Re: Merry Christmas!
Neko is back! Thank you ever so much! Now I can waste even more time on lockdown!
23 posts • joined 14 Jul 2015
A test of our capabilities is mandated by regulation on a somewhat scheduled basis. It is supposed to be a "surprise inspection", but somehow we always managed to know about when (down to the week) it was going to occur. We would then go to 12 hour shifts to prepare for the surprise inspection that was supposed to highlight our ability to execute the mission at a moments notice.
So there I was, in a meeting with management. We were about to start the extended work shift when I commented that we should just operate with that level of effort anyway because it *was* our job to be able to execute at a moments notice. Silence reigned.
I received a good heart to heart talk (his to mine, I was not required to respond nor was a response time offered, you know the drill) with the Chief later in private.
My workaround to that was to casually mention something like "Nice shoes", smile, and keep on walking. It drove some of them crazy trying to figure out if I was gay, a crossdresser, or something else entirely. A few actually unbent enough to be able to talk to because, well, positive, non-threatening comment and no leering followup.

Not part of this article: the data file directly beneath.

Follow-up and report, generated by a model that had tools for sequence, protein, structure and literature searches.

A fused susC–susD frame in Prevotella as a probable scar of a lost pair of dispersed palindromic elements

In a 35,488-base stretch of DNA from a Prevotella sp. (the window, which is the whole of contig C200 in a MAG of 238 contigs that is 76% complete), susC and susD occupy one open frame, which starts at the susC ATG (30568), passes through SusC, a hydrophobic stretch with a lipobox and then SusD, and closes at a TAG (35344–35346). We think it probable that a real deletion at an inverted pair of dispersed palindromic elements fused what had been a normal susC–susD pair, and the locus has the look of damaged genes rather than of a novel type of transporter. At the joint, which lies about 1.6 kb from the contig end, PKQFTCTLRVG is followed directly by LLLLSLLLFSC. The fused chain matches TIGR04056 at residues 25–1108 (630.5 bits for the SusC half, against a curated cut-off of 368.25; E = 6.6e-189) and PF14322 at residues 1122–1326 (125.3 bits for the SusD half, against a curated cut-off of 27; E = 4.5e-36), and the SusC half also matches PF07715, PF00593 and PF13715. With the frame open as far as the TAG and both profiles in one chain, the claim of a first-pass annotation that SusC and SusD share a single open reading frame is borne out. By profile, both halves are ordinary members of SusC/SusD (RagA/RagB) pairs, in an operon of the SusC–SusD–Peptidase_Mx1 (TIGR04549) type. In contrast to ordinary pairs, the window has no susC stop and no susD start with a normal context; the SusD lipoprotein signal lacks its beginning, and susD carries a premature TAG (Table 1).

So we know the orbital parameters of the sats. If you can, use a directional antenna to receive sat signals. Depending on antenna parameters (beamwidth), you can cut down on jamming signals by aiming for a cluster of sats. Lower flying jammers would have to be in the beam of the antenna to be effective. It isn't perfect, but with enough money, a defense contractor should be able to develop a beam steerable planar array that could track several sats at a time, and pick the signals that agree best with what is to be expected from the orbital parameters of the sats. Use that expensive CS clock on the ship to know the time, then pick the signals that match the expected time.
Let it be known that this is the first time that I know of that the use of a beam steerable antenna can be used to track multiple navsats for the determination of position during jamming was proposed. License fee is 10 million dollars for a perpetual, irrevocable license to the idea. You know where you can find me. I'm not greedy and I don't want to have to deal with license renewals.